Theatre review: Hamlet at the Barbican

Benedict Cumberbatch (Hamlet) in Hamlet at the Barbican. Picture: Johan Persson

Benedict Cumberbatch (Hamlet) in Hamlet at the Barbican. Picture: Johan Persson - Credit: Archant

Benedict Cumberbatch shines as the tortured prince and while too dark at times, Hamlet is worthy of the hype, says Bridget Galton

‘The play’s the thing’ says Hamlet. But in the frenzied anticipation to this production’s opening – convention busting previews, pesky mobile phones and all – the focus has been more on who, rather than what, was on stage.

The excitable Cumber-fan sitting next to me certainly didn’t seem to know what she was seeing, but for first-timers to this five act tragedy, there’s a helpful plot summary in the programme.

So what of the stage business? Lyndsey Turner’s nigh-on two hour first half has the clarity, freshness and momentum of a thriller. From the moment Es Devlin’s visually sumptuous Scandi-inpsired baronial home is revealed at the wedding banquet, until Claudius orders Hamlet’s death, we are bowled along by this tale of a grief-stricken young man dismayed by the wickedness that surrounds him.

There is much sardonic, dark humour in the play, and Cumberbatch is a gifted physical comic actor, but there’s little levity here. Apart from the moment he assumes Hamlet’s ‘antic disposition’ feigning madness dressed as a tin soldier in a giant play fort and firing at his enemies – he is all anguish – a suicidal rather than vengeful Dane.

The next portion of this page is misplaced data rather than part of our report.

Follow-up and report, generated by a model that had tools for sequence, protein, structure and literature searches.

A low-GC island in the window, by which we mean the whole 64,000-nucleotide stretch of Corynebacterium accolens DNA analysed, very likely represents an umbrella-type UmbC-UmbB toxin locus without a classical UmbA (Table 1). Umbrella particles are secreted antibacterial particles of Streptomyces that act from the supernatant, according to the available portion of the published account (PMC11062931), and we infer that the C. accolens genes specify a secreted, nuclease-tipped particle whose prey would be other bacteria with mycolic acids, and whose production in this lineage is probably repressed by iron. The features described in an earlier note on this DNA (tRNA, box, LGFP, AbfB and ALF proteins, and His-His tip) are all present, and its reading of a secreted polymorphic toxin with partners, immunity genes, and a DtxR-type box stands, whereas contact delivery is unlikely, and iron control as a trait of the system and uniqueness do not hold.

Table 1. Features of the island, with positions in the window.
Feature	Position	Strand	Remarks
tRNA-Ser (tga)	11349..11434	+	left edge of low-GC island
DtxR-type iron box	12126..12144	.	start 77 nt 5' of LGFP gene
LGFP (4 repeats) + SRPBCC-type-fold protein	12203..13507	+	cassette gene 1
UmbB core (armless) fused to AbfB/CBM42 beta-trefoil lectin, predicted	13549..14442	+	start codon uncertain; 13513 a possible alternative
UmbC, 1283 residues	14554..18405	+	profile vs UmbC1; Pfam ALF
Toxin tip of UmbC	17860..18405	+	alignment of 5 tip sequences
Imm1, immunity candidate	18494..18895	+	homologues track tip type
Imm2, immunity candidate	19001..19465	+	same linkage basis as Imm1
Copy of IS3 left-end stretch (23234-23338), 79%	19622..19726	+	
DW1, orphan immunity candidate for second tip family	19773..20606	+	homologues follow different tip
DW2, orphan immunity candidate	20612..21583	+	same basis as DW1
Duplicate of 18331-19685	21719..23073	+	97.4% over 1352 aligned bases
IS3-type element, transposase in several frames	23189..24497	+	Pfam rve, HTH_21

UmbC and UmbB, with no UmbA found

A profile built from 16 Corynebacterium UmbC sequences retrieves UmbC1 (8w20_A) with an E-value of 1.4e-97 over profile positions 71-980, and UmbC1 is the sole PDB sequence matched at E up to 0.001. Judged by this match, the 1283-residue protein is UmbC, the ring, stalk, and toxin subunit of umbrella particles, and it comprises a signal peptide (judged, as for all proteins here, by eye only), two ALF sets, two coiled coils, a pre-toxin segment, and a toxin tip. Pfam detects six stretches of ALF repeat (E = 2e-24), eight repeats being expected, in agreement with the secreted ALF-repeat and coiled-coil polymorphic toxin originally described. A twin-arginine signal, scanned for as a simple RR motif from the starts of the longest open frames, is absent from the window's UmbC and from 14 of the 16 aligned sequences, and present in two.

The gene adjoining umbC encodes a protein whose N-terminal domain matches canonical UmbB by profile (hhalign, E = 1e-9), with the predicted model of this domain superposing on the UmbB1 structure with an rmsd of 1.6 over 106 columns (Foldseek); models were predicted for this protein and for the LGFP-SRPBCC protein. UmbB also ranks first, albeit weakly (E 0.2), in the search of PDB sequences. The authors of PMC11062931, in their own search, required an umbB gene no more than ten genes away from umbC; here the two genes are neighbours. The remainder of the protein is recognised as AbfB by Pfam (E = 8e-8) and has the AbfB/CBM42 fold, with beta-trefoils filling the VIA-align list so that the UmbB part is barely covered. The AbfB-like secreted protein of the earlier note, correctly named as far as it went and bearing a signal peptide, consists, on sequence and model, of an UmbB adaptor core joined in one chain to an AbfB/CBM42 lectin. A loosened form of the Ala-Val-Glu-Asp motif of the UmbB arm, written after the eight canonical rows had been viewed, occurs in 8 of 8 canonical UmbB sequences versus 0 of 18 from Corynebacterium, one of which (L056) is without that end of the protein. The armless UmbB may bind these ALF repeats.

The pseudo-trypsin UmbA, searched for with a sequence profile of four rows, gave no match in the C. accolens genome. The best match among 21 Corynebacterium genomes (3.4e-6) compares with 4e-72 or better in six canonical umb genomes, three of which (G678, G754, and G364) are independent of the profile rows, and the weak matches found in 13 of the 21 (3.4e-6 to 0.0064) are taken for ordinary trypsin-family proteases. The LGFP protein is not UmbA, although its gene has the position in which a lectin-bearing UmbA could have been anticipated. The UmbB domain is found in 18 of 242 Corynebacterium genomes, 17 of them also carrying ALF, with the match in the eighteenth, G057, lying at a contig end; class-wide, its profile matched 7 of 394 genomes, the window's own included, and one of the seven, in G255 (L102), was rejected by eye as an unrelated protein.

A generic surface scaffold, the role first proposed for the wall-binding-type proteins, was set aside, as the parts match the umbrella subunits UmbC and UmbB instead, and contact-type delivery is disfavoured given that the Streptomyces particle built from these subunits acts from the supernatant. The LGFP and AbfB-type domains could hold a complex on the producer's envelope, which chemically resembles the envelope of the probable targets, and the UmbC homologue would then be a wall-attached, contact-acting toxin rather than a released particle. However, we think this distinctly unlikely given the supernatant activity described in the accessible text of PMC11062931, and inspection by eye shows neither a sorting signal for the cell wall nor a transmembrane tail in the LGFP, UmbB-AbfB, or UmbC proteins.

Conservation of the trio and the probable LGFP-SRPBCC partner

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In the ‘get thee to a nunnery’ scene, his viciousness to Sian Brooke’s febrile, painfully sensitive Ophelia is cast as justified paranoia, as she desperately tries to warn him of the listeners at the door, he’s just lost one of the few he could trust.

His face-off with Anastasia Hille’s nervy, guilty Gertrude sees them both grappling in misery on the floor.

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By the end of a downbeat second half in which the rotten state and threat of war is embodied in mountains of debris blocking the grand doorways, Brooke offers a harrowing depiction of Ophelia’s madness, and Gertrude looks increasingly trapped in her second marriage, I could have done with some lighter moments amid the gloom.

The usually excellent Ciaran Hinds makes for a stiff rather than menacing Claudius, and I never did work out why in a production whose visual inspiration drifts from fin de siècle to the 30s and 50s, Cumberbatch’s Hamlet was toting trainers and Yoda Tee-shirt.

But if this lavish, richly layered occasionally thrilling Hamlet didn’t quite carry me along to the end, it certainly justified the hype.

Rating: 4/5 stars

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